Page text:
It seems like one of the most exciting parts of the Wii U right now is also the ability to share gameplay out. And now they are really remixing the characters they love, like with the Luigi’s Death Stare meme. How do you feel about fans remixing and reappropriating these characters?
I think that’s probably what’s most fun about connecting games to a network, is giving people those opportunities to share that experience with one another. Even with going back to the original Zelda game, one of the things we tried to do was give players a way to interact with the game content outside of the game, through things like strategy guides and by having them communicate with one another about the content within the game. So what we’re seeing now with tools like YouTube and social media, people are able to do that on a global scale. So I’m just happy to see so many people coming into contact with Nintendo’s IP and engaging with our characters.
To me, it felt like a secondary marketing push for Mario Kart 8 that Nintendo had no control over. It was just fans. I saw it on the local news, even: It was everywhere. How do you feel about social media and having this new way for fans to reach out to Nintendo?
I think it’s really interesting and it’s nice to have that system in place, and I wish we’d had that system to connect people from earlier on. It used to be that only once in a great while I might see a video of a musician who was performing Mario songs with really amazing technique. But now we’re even seeing people who are in live action trying to do Mario-style action and create videos and posting those online. That stuff is very common.
You mentioned that you’re working with a lot of younger people. How it is to work with people who have grown up with Nintendo? A lot of the games you made when you were younger really influenced their development, and they probably have a lot of different ideas about those things.
I don’t know what they think about it, but I’m happy about it. It’s challenging if you bring in people who love Nintendo too much, because they tend to overthink things and have very specific opinions, and they tend to lack a little in objectivity. So we seem to hire a mix of people and some are people who love Nintendo and some are people who kind of think more ironically at Nintendo. It’s partially my job to kind of help them all drift more towards the middle.
It’s interesting because those of us who have been at Nintendo for a long time, we feel a certain level of stress to have to continue to make new games in existing franchises, but at the same time, we have younger staff members who are eager to work on those franchises, to be able to create new installments.
What’s your day-to-day like at Nintendo?
Thirty years ago or so, when I was a director on a game, I would spend all my time focusing on a single game and just developing that. But since that time, generally I’ve been in a position where I’m looking at multiple different titles at the same time, and giving feedback to the teams there. But overall, my day-to-day hasn’t really changed that much. Probably over the past year, the biggest difference has been that I’m actually interacting directly and working directly with individual development teams. So in fact it’s been, for a while now, I’ve been coming into the office a little bit later, but I really haven’t been leaving until 10 p.m. because I’m there every day working directly with the programmers and the designers and working directly on game designs and game development.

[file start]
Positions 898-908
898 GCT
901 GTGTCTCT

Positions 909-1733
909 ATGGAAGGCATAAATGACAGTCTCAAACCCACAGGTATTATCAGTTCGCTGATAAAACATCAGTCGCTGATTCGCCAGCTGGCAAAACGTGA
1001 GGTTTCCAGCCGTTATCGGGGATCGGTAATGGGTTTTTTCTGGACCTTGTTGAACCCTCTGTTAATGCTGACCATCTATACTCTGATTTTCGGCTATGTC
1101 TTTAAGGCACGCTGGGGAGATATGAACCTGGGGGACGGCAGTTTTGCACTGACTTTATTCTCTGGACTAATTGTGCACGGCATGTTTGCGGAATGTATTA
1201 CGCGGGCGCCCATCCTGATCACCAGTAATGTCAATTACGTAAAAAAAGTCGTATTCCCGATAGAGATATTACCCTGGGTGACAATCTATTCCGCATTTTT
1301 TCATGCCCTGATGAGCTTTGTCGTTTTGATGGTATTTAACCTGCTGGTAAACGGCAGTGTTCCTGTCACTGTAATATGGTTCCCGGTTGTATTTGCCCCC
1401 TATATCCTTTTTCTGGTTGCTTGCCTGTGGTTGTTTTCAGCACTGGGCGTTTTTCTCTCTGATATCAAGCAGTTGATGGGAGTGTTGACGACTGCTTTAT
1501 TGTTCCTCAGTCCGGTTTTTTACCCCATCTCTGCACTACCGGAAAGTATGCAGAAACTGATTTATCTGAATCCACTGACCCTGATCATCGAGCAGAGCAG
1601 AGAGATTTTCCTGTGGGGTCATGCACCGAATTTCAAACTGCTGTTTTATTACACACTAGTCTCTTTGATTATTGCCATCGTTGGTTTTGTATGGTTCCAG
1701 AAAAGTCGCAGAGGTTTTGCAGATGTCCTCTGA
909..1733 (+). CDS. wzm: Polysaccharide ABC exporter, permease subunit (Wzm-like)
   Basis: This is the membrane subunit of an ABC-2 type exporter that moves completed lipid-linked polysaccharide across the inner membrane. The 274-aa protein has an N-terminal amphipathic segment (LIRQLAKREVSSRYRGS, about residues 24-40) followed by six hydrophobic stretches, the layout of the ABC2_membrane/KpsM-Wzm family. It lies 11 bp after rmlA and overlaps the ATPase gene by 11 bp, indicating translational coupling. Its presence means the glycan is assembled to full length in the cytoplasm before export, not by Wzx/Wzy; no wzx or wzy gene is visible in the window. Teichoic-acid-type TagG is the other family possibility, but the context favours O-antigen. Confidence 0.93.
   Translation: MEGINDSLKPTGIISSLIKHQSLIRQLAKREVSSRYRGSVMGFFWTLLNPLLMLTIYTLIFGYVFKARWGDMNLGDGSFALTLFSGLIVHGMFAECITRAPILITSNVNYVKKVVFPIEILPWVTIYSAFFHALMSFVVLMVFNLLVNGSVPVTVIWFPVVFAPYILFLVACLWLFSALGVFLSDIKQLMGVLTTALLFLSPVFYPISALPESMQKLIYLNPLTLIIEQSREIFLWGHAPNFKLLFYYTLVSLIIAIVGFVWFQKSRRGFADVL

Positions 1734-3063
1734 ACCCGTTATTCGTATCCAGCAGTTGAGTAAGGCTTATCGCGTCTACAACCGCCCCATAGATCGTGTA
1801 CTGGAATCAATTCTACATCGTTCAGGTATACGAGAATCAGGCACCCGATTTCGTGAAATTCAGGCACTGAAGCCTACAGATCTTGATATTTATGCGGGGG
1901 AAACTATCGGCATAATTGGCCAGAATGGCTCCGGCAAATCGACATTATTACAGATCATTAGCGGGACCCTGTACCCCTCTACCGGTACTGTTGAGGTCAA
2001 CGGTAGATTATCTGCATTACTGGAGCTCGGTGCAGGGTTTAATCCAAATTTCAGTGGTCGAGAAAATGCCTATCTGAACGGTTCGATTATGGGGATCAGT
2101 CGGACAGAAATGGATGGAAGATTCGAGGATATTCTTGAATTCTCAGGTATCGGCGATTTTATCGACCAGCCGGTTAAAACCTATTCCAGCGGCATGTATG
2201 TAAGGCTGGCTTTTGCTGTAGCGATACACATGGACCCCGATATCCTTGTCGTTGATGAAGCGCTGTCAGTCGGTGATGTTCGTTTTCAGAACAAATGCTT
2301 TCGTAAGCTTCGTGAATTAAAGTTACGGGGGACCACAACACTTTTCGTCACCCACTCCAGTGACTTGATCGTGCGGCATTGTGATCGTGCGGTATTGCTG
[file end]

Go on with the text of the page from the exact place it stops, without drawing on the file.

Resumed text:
In fact, the three games that I’ll be showing tonight are games that I have been right there working directly with development teams from the start.
That seems sometimes stressful to be pulled in so many different directions.
Not for me. For me, it’s fun to have more things to look at. As long as there’s not too many. What you don’t want is to be responsible for so many things that other people are doing. It’s more fun when you’re responsible for a lot of different things that you’re doing.
Is there anything that the technology still can’t do that you’d like to see video games be able to do?
Certainly, what we’re doing is we’re constantly thinking up ideas and thinking about things we want to create. And among the games that we’re going to be showcasing at the event tonight, there are some that were ideas that we had 10 years ago or more that we were just never able to create until we had the interface that we have with Wii U. And certainly, what I think is difficult is that it’s hard to say, ‘I need this particular type of technology in order to do the next thing.’ But part of what my job is to be constantly looking at the technology that’s available and then taking that technology into account and thinking back on the ideas I’ve had in the past that I haven’t had the chance to bring to fruition, and finding ways then to bridge that technology to help those ideas come to life in a way that’s fun and interesting.
What do you think of virtual reality? Obviously it’s now closer than ever to being something consumers can have.
Very early on, I certainly had viewed virtual reality as having a lot of potential, but at the same time, I look at the appearance of people who are playing virtual reality and it’s something that gives me quite a bit of pause. We work on constantly creating things for a broad audience of consumers, but I look at virtual reality and I see something that can be particularly interesting for a short-term, attraction style of uses. But I wonder if it’s really the type of thing that consumers can use long-term and get long-term use out of. But I do think there’s appeal in the technology.